Picking battles. (survival of Commodore Business Machines Inc. in the U.S.)
by Sheldon Leemon
We've heard a lot of doom-and-gloom speculation lately about Commodore abandoning the U.S. market. We've even indulged in some of it here. A lot of it stems from our frustration that more people don't get it where the Amiga is concerned. Since the computer hasn't done as well here as it has in Europe, our natural reaction is to point fingers at Commodore's U.S. branch. When we hear that Commodore's introducing new machines in Europe and not in the U.S., we assume that Commodore doesn't care about the U.S. market. Some even wonder if the company is planning to get out of the U.S. market.
While such reactions may be natural, they aren't necessarily realistic. Many Amiga owners should try taking a more objective view of the situation. For example, I often hear Amigans complain that Commodore never advertises, assuming implicitly that the main reason so few people consider buying an Amiga is a lack of TV ads. I almost never hear Amiga owners ask, however, whether a big ad campaign would be a wise use of Commodore's resources. Money has been pretty tight at Commodore since the decline of the 64, so it's not bloody likely that the company could find the $50 million or so in loose change that it would take to launch a major TV campaign. Even if Commodore could, however, the idea of trying to win over computer users with catchy jingles and celebrity endorsements seems as outdated a concept as solving the problems of the inner cities by dropping money on them out of an airplane.
The fact is, over the past few years the personal computer market has become dominated to a greater and greater extent by IBM-compatible computers. To the average consumer, a walk on the wild side means looking at a Macintosh. Most consumers equate "best" with "what most people have," and trying to sell them on the Amiga's technical superiority is like touting the picture quality of Beta over VHS. Now that Microsoft Windows threatens to make IBM computers somewhat easier to operate, even the Macintosh is feeling the heat. If even Apple felt sufficient market pressure to enter a joint venture with IBM, what can we realistically expect from Commodore?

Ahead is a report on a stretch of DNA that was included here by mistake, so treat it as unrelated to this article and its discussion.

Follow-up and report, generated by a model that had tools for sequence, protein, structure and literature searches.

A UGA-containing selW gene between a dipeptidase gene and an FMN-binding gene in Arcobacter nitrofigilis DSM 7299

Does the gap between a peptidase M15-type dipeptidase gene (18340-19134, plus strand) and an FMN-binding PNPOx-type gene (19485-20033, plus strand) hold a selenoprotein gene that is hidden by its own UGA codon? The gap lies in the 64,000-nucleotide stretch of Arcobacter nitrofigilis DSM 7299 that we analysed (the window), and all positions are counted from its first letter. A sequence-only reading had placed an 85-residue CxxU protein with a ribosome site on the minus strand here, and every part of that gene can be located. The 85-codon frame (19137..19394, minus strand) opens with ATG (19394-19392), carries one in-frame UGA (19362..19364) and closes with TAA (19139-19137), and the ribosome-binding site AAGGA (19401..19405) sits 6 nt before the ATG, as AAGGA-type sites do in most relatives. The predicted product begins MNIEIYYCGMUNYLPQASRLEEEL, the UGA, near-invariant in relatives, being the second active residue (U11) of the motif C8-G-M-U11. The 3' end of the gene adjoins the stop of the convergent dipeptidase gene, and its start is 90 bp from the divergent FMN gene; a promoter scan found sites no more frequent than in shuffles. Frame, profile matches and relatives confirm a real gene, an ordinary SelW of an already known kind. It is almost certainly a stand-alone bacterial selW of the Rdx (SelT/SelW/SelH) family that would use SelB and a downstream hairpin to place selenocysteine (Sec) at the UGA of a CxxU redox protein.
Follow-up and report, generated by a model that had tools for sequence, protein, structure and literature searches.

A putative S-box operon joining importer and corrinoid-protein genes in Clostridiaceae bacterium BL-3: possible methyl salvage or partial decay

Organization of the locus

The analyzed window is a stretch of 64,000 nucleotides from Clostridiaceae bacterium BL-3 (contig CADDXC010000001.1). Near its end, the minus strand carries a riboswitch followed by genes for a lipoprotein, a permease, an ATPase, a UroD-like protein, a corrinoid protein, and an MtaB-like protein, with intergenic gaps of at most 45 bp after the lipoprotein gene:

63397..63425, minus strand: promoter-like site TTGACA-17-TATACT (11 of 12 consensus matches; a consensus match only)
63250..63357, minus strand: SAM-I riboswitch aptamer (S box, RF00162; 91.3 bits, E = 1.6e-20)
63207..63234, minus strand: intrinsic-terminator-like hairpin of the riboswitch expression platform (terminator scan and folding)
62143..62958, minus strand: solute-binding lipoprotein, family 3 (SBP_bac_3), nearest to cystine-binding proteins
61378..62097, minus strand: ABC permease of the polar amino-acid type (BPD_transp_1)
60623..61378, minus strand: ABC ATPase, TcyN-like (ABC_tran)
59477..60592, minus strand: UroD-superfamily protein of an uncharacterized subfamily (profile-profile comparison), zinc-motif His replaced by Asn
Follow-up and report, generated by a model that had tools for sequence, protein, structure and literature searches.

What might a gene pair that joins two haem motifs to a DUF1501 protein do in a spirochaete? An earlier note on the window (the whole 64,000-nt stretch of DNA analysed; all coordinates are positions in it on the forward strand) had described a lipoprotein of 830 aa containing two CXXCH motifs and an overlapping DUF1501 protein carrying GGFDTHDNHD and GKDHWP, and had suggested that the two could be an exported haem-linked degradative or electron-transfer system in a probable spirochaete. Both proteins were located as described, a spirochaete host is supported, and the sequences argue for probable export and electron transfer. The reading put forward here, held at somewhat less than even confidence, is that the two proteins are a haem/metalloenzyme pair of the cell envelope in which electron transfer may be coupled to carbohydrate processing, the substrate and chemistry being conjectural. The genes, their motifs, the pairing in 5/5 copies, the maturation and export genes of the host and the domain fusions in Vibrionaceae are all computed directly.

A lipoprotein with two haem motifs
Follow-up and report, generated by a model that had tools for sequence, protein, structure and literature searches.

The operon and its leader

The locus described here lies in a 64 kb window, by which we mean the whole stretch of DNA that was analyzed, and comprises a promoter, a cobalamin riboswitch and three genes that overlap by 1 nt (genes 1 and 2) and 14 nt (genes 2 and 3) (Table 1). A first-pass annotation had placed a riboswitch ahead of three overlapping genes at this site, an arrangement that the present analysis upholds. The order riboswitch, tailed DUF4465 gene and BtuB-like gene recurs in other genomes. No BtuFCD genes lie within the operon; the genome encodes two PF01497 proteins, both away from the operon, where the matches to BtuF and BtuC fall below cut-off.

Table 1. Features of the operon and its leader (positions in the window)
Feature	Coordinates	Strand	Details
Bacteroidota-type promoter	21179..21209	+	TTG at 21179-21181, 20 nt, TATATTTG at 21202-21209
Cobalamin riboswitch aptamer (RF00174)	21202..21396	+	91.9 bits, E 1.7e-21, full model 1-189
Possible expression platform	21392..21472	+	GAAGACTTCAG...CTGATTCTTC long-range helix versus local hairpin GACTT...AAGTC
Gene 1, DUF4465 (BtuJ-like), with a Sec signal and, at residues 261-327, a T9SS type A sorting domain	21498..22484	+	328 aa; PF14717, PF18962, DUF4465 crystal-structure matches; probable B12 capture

If you're expecting the Amiga to ever become the people's choice for all-around family computing, you might as well forget it. Barring a global dose of mass hypnosis by space aliens, that battle has already been lost. The only way this computer will gain in popularity is if developers and users create new categories of applications in which the Amiga is the leading computer and not a distant third. Although this may seem like a daunting task, it is actually what the Amiga was designed for--doing cool stuff that had not been done on personal computers before. Applications like 3-D animation and desktop video were pioneered on the Amiga.
In the broader sense, Commodore's most pressing challenge in the U.S. today isn't increasing market share but survival. The U.S. sales company has been losing money for years, while the company as a whole has turned a profit. The only way to ensure that Commodore International doesn't write off the U.S. operation is to have it make some money for a change. If there is no way to dramatically increase sales overnight (and I can't think of any offhand), then the only alternative is to cut costs to the point where sales at current levels will generate a profit. Amiga users should view these as positive moves, because they will indicate that Commodore is serious about long-term survival in the U.S. market.
In order to expand the business, the U.S. company must pick its battles carefully, concentrating on selling the Amiga in markets where it has a chance of being accepted. Much to its credit, the company has sharpened its focus on areas like video, presentation graphics, and interactive kiosks. You may not be seeing any Amiga ads on MTV, but there is plenty of advertising in trade journals like Videography, Presentation Products, and even InfoWorld. Breaking new ground may mean starting small at first, but starting small can definitely lead to bigger things. Remember desktop publishing?
If Amiga owners really want to see the Amiga machine gain support here in the U.S., maybe they should stop waiting for Commodore to act and start supporting the machine themselves. At the recent World of Amiga show, I heard many manufacturers complaining that Amiga owners want only the best software but aren't willing to pay for it. As a result, the top word processors in the field were battling for sales at $59 a copy. While Gold Disk was selling its Professional Draw program for $99 at the show, an article in InfoWorld was touting the features of the Windows version of Pro Draw, making special mention of the fact that its $499 price tag was $200 less than competitors CoreIDRAW! and Micrografx Designer. Maybe what the Amiga really needs isn't a Pepsi-style ad campaign but rather for its owners to spread the word and to buy a little software now and again.